Archive for the ‘author: Lenore’ Category

From a Seasonal Kitchen: Early December

Wednesday, December 1st, 2010



There are many ways to approach eating locally*, and this week we have a guest post from fellow Cheese Chick, Lenore. You may already be familiar with Lenore through her posts on home cheesemaking and other cheese-related adventures; the latest one was on Pumpkin Fondue. A New Hampshire native, Lenore now lives in the Seacoast with her husband, Mike, 2 small children, and one large dog. In addition to taking care of a 20 gallon fish tank, which Lenore says “…sounds easy, but actually takes more work than you realize!” Lenore also works as a dog trainer.


I love this idea — I think it’s perfect to show people how it’s done on many levels. By no means am I a true locavore, but it’s easy enough to make huge changes if you just take a second to think about it, right? I am game for anything! I learned how to cook just by trying anything and everything. Mike taught me how to best cook fish, I grew up making bread and baking, and everything else was just trial and error. I don’t mind a complex recipe as long as the result is something scrumptious!


As for style, we tend to eat light during the summer, using simple whole foods (grilling is definitely my weakness). I can’t tell you how many meals we have of just slicing up heirloom tomatoes from our garden, pairing it with our basil slivers, roasted garlic, extra virgin olive oil, and homemade mozzarella. We then add some cold, local chicken (or grilled if Mike’s around) and corn on the cob, and that’s our summer standby!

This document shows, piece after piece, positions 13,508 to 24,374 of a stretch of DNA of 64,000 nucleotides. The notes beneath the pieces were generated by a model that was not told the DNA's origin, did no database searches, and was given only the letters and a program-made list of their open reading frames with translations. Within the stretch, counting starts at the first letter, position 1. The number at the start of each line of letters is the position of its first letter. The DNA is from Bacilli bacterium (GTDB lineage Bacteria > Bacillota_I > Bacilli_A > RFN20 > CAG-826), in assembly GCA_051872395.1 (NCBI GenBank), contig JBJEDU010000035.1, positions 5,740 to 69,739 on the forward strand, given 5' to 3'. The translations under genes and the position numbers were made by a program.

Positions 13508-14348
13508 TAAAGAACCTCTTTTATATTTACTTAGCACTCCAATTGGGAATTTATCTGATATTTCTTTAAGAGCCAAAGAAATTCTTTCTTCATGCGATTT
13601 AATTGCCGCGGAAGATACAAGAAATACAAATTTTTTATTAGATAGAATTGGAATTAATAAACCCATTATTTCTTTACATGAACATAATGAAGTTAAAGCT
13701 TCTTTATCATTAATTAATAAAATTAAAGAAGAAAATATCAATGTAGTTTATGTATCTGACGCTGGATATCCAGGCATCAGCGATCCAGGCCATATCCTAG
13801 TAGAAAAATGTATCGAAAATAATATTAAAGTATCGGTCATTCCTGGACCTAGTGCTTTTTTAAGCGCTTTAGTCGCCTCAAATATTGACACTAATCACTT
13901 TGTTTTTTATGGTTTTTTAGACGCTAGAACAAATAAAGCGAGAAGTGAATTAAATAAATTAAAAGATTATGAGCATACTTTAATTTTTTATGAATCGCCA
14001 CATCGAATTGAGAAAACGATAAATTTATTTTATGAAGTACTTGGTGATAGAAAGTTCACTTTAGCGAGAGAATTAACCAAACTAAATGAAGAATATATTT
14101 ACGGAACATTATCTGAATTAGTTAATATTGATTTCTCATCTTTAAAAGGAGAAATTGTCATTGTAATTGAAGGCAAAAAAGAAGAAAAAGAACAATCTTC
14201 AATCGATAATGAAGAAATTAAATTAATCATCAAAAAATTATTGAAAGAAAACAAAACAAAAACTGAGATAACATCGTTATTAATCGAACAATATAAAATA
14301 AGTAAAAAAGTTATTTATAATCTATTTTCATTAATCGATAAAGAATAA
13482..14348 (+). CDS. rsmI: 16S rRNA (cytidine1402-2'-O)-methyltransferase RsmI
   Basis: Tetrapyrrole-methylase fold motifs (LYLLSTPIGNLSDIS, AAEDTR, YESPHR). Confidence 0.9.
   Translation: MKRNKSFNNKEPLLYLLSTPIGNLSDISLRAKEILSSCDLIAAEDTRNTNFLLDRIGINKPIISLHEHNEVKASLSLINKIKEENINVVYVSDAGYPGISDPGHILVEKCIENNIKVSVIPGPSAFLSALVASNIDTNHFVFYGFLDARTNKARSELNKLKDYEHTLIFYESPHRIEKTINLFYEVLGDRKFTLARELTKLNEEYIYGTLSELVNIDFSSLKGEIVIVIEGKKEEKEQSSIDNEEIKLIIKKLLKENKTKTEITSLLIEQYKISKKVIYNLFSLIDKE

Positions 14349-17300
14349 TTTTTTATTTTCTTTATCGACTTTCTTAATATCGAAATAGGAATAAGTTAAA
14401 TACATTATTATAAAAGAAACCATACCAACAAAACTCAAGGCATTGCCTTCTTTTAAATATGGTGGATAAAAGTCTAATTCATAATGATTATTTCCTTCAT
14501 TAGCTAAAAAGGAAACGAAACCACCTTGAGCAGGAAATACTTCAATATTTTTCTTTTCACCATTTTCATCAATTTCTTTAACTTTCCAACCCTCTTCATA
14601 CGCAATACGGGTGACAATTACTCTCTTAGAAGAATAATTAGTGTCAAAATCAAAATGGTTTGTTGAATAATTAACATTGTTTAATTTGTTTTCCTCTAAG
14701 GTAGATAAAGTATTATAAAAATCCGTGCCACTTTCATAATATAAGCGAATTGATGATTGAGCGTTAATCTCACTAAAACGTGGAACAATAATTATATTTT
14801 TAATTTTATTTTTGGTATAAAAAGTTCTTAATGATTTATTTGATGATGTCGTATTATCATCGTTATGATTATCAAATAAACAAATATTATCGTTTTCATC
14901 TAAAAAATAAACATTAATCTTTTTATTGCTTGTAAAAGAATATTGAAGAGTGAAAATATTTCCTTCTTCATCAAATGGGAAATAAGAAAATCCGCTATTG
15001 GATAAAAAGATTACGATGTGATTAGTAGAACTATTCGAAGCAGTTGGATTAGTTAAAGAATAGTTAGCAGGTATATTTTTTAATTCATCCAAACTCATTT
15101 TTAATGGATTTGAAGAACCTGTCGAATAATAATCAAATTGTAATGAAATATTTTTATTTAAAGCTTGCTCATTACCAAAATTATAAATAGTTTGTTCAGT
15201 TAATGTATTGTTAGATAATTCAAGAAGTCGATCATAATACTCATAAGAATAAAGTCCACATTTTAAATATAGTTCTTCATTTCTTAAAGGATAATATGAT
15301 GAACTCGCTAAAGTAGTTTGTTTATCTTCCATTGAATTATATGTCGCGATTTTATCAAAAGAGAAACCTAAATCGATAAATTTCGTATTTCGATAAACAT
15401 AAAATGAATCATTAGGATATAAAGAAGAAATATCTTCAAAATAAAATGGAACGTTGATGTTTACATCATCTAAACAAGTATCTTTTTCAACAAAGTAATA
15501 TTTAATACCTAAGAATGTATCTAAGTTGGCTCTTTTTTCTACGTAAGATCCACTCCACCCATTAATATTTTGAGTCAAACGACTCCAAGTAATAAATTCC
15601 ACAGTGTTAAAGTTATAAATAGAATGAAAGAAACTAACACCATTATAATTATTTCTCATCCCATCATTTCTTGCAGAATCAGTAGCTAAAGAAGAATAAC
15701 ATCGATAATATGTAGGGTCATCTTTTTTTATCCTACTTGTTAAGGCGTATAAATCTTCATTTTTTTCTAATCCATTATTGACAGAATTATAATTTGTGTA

We eat a lot more meat during winter now, even though I was a vegetarian for 10 years. I came to grips with it during my first pregnancy when I just craved meat. Animal welfare is a huge part of it for me, so I stopped buying supermarket meat and I really research where my meat is coming from — if I can’t visit the farm, I don’t buy meat from it. During winter I also bake lots of bread and can get involved in more complex recipes.


We also love French cooking, which doesn’t have to be complex, but the flavors are heavenly! Many of my Provencal cookbooks match perfectly with NH’s summer cuisine. Of course, I also have to cook for 2 young children, so that’s a chore sometimes itself! I don’t cook separately for them, but I do keep in mind that they don’t like spicy foods, or foods that are hard to eat. They are always surprising me with what they WILL eat, like sushi and kale chips!


My menu for this week (it’s a pretty simple one because I’ve got 3 clients this week, in addition to gymnastics and Jump Rope Club meetings with the kids):


MONDAY: Peter Allen’s local chicken, roasted (because we miss having our own Thanksgiving-like leftovers to come home to!) with our own Desiree mashed potato stuffing (given to us by Audrey at Pickpocket Farm, from her Thanksgiving meal); and our own butternut squash with local maple syrup.


TUESDAY: Local cod (frozen from our CSF); our own twice-baked Green Mountain potatoes; leftover squash.


WEDNESDAY: “Polly’s Pumpkin Soup” (from Willow Pond website) made with Pickpocket Farm’s Fairytale pumpkin, Brookford Farm cream, and our own local chicken broth; homemade bread made with KAF bread flour and local wheat flour (from Peter Allen’s farm store this summer).